With 10 years of piano lessons, four pieces of music and one chance to compete on the world stage, Katherine Chen faced the most accomplished young musicians in the Cincinnati World Piano Competition.
Chen, a senior at Hampton High School, won first place in the level eight solo performances from an original pool of 220 competitors from across the globe, but not without a lot of hard work.
Chen is accomplished in many areas of her life. She is the state Technology Student Association president and on Hampton’s varsity girls tennis team. But the most challenging activity for Chen is playing the piano.
“It’s hands down definitely the most difficult thing I do,” she says. “It’s so abstract as an art form.”
She even took a year off from taking piano lessons during her freshman year.
“At that point, I was really into tennis. I wasn’t really thinking I was going to pursue piano anymore. I didn’t really like practicing, no one really likes practicing, and there are so many other things in high school.”
But by her sophomore year, Chen felt she hadn’t learned all she could in piano and returned under the instruction of Carnegie Mellon University Professor Hanna Wu Li, director of the Music Preparatory School Piano Division at the university. After just two years together, Li recommended Chen audition for the Cincinnati World Piano Competition, and as her last eligible year to compete, Chen couldn’t say, “no.”
During the audition, Chen performed four pieces from different musical periods, as well as scales and dexterity exercises and demonstrated an ability to sight read and her knowledge of musical history.
Chen passed the audition and chose “March of the Dwarves” and “Capriccio” by George Frideric Handel to perform in front of the judges in Cincinnati. Then, she spent the three weeks prior to semifinals practicing up to seven hours per day.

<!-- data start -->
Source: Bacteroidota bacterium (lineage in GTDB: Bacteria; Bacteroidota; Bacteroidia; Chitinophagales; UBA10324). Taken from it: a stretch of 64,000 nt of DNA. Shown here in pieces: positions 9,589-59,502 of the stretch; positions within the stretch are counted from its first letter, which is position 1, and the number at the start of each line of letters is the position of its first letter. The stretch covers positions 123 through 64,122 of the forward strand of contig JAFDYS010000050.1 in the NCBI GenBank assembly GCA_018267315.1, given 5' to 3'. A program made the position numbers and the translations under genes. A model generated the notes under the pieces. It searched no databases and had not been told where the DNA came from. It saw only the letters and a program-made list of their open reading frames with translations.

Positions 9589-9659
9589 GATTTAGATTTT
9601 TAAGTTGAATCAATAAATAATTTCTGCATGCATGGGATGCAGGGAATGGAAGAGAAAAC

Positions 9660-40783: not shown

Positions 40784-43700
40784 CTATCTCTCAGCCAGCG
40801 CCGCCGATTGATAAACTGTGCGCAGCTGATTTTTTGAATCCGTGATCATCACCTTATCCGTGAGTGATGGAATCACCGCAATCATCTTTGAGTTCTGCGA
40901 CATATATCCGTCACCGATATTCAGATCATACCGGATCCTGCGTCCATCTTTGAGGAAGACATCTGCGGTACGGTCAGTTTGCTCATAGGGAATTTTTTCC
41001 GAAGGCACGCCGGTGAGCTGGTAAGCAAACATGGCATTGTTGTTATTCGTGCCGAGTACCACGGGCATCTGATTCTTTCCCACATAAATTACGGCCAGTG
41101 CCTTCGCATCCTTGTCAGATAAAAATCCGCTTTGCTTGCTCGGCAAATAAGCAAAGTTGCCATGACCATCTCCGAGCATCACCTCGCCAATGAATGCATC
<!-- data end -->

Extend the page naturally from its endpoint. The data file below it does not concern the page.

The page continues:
“I’ve never practiced that much before,” Chen says.
The Cincinnati World Piano Competition encompassed four days of performances at the Aronoff Center for the Arts — and more practicing.
While the pianists compete onstage, they’re also competing for practice pianos and practice rooms off stage. Chen ate, slept and breathed piano — almost literally.
“I didn’t eat regular meals because you can’t eat in the practice rooms, and if you leave a practice room, you’ll lose the piano,” Chen says, adding she also took naps in the small practice rooms so she wouldn’t lose her space.
This was Chen’s first competition and she was struck by the glamour of the ball gowns and tuxedos the competitors wore, but she admitted the pressure she felt was “ridiculous.”
“You have four minutes, and it’s your last year — your mom and friends and piano teacher are in the audience” Chen says.
But after her performance ended, Li walked up to Chen and told her “you play very well, I am proud of you.”
“For me, that was the best part ever,” Chen says.